HOW THE HUMAN BRAIN PROCESSES VISUAL INFORMATION
pattern; some cells were highly selective, but others were completely invariant. Returning to the example of the hand, this means that some cells would only respondwhen the handwas in a certain position, while others were completely invariant to hand location as long as it was a hand. This shows that even at an early stage of visual processing, the brain forms an elaborate set of sensitivities to generic features, which form the basis of more sophisticated processing in other visual areas of the brain. The ARC Centre of Excellence for Integrative Brain Function is administered byMonash University. IN THE EARLIEST STAGES OF VISUAL PROCESSING, THE BRAIN DETECTS AND PROCESSES SPECIFIC VISUAL FEATURES BY RECOGNISING A SIMPLE SET OF PATTERNS.
A team of researchers at the ARC Centre of Excellence for Integrative Brain Function , with lead researchers Dr Ali Almasi from the National Vision Research Institute of Australia andAssociate Professor Hamish Meffin from The University of Melbourne, has studied brain cells in the primary visual cortex (V1) to determine howthey respond to specific features that are important to a visual object's identity. The human brain has a remarkable ability to recognise specific objects, evenwhen those objects change in appearance. For example, we can tell that a hand is a hand regardless of its colour, size, location or orientation. When processing visual information, brain cells display 'feature selectivity', ignoring features that are not important, meaning that they are 'invariant' to feature manipulation. To determine howthese cells combine their qualities of selectivity and invariance, the researchers measured how the activity of cells inV1 changedwhen the cells received visual information about ‘white noise’, using random combinations of black andwhite pixels arranged in a square grid. Because the white noise images are random, patterns can emerge in the pixels, which occasionallymatch the image characteristics towhich the recorded neurons are tuned. The researchers used the brain activity data to map howthe cells responded to different combinations of patterns and built a computer model to estimate the cells’ selectivity and invariance to particular features of the different patterns, such as their orientation, spatial scale and position. The model revealed that most cells had a high degree of selectivity and a lowdegree of invariance for both the orientation and spatial scale of the patterns. However, the cells varied in their response to the position of the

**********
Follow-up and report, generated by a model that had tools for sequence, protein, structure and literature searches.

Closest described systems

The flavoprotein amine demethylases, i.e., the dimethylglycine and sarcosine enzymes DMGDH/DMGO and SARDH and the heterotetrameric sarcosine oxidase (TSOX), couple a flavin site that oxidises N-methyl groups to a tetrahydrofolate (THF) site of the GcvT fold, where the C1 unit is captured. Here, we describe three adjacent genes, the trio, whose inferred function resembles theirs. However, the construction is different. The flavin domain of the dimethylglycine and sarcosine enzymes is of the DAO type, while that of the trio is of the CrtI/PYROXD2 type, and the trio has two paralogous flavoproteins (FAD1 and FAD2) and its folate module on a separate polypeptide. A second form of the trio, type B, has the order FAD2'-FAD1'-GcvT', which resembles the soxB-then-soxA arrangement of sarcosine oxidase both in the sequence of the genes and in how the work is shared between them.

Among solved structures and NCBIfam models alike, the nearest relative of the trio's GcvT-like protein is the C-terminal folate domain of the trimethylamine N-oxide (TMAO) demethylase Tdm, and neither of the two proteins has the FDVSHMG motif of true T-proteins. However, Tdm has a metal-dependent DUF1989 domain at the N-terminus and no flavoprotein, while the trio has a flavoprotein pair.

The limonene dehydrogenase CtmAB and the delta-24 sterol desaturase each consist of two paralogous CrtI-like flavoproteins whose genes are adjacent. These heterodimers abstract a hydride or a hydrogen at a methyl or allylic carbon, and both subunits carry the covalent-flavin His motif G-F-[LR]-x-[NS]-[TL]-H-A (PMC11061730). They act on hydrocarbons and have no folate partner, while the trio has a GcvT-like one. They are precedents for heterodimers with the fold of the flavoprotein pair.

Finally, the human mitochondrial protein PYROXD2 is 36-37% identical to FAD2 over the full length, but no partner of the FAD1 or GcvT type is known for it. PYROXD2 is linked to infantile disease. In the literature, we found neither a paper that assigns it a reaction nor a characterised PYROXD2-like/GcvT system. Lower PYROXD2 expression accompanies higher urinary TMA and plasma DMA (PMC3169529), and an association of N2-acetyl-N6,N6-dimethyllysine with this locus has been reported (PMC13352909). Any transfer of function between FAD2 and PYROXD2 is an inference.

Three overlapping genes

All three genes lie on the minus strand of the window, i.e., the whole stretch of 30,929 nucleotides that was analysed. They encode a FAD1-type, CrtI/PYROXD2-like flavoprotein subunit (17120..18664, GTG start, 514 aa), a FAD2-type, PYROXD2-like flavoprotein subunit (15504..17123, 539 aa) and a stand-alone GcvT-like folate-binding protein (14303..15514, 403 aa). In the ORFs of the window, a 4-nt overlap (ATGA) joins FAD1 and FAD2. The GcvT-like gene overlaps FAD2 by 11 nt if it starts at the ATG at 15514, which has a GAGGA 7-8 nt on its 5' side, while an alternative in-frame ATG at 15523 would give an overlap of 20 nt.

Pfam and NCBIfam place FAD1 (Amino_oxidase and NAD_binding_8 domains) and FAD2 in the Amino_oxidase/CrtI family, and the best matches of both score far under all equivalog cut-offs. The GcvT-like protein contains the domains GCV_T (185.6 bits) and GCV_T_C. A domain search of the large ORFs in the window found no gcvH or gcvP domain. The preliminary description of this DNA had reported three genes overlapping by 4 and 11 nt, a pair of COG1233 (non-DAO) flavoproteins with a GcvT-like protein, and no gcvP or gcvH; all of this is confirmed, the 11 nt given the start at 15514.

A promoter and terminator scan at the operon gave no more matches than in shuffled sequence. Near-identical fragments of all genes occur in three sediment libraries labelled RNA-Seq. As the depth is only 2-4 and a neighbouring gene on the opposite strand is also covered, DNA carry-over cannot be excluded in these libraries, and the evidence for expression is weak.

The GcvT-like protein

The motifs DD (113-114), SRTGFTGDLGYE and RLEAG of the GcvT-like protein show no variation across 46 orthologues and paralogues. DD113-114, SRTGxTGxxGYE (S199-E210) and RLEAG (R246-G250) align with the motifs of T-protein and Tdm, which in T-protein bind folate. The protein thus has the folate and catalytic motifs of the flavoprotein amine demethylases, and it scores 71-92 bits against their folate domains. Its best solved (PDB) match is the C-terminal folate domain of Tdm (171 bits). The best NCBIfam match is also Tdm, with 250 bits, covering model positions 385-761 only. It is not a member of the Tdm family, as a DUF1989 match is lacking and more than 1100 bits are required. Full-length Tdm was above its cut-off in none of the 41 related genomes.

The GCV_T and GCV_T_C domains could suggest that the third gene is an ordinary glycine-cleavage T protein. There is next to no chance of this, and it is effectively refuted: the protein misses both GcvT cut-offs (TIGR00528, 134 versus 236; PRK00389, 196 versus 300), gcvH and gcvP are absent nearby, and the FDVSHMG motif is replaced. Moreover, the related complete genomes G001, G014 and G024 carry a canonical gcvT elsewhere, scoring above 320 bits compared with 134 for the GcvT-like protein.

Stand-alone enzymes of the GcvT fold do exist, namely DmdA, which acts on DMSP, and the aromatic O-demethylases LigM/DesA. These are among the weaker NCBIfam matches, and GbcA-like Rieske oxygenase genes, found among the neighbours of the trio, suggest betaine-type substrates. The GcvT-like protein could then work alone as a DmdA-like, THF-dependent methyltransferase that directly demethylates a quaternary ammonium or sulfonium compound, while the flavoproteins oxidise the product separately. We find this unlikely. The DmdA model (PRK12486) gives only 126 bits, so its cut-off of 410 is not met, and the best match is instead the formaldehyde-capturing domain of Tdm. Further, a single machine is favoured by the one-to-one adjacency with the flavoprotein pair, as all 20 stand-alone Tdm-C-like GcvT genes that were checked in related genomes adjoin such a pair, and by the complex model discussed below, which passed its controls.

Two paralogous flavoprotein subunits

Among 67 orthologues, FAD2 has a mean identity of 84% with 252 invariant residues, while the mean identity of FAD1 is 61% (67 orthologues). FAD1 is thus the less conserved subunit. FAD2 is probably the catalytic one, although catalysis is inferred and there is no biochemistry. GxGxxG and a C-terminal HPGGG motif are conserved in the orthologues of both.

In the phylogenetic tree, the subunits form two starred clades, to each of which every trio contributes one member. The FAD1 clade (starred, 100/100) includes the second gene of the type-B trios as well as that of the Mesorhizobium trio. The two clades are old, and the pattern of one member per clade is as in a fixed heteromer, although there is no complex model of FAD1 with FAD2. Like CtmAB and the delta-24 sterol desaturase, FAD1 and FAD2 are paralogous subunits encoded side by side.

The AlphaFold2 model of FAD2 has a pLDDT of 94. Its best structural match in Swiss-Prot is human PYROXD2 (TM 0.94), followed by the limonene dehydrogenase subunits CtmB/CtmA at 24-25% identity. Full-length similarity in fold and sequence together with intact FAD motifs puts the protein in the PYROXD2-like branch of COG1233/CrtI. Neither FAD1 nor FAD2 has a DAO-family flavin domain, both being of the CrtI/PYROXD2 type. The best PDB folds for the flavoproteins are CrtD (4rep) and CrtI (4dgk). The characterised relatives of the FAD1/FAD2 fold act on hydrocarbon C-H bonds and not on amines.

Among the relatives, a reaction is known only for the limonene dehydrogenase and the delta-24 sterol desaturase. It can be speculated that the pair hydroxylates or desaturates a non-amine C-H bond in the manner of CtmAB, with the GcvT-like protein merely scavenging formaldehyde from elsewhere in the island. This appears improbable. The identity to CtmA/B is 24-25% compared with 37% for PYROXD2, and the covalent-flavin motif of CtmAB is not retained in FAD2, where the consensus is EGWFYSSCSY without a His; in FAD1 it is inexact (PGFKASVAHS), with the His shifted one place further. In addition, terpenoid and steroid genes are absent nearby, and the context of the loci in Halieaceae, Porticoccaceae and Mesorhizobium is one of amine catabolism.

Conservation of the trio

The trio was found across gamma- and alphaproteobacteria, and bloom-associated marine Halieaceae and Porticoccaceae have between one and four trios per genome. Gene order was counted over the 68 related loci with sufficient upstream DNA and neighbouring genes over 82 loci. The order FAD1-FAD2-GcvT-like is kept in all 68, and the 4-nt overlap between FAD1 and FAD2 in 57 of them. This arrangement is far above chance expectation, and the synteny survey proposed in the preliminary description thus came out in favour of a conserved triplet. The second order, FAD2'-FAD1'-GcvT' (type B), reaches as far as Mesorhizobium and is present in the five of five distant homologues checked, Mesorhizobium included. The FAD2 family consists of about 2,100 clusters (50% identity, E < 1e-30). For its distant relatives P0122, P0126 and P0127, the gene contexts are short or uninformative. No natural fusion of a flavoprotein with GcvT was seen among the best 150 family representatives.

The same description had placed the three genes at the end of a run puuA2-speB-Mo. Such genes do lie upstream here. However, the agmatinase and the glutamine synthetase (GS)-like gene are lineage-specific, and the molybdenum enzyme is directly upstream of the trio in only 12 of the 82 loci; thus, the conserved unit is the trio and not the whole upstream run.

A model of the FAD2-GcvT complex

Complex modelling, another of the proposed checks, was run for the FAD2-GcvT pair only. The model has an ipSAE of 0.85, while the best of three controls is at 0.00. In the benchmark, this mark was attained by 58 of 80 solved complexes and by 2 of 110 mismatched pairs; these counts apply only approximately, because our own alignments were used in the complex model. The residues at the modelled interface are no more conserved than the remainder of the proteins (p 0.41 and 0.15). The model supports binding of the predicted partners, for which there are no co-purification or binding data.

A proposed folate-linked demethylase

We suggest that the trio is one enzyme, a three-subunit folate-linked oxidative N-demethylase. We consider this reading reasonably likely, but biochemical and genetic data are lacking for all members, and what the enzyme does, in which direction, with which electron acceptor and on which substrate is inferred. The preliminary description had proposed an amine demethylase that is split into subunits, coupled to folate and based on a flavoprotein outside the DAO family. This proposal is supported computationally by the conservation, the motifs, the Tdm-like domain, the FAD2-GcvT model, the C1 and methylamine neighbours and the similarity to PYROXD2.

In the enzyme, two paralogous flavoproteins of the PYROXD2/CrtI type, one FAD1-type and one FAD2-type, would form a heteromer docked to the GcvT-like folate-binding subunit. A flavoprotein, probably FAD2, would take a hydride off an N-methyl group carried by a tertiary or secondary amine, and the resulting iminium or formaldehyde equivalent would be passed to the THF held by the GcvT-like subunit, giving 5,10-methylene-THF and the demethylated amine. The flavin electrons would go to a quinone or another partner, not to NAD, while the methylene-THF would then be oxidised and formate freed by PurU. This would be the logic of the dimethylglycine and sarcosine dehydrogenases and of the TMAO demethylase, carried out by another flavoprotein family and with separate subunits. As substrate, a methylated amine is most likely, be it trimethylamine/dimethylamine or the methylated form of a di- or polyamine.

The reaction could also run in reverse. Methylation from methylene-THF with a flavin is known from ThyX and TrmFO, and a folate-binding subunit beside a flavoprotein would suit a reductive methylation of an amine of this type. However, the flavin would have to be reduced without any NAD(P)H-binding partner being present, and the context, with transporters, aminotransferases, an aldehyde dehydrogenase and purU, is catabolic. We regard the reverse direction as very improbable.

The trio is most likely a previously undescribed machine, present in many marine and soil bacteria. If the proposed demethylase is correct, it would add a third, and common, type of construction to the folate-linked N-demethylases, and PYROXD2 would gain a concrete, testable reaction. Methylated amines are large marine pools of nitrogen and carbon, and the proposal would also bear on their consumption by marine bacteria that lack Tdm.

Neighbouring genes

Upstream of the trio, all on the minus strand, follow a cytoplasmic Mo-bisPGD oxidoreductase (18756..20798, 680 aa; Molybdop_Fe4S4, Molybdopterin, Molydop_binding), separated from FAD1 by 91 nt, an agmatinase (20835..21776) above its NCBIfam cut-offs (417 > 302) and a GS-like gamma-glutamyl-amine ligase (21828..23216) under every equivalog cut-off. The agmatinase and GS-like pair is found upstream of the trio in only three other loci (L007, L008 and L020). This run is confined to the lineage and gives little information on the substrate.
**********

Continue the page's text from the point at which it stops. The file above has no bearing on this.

(Above) The research team:Top row from left: Jason Jung, Ali Almasi (joint 1st author), Hamish Meffin (joint 1st author), Scott Sun. Bottom row: Molis Yunzab, Michael Ibbotson (Lab Head), Mitchell Crawford (lab technician). Credit: ARC Centre of Excellence for Integrative Brain Function. (Right) Credit: iStock.com/metamorworks.
DISCOVERY AND FUNDAMENTAL RESEARCH
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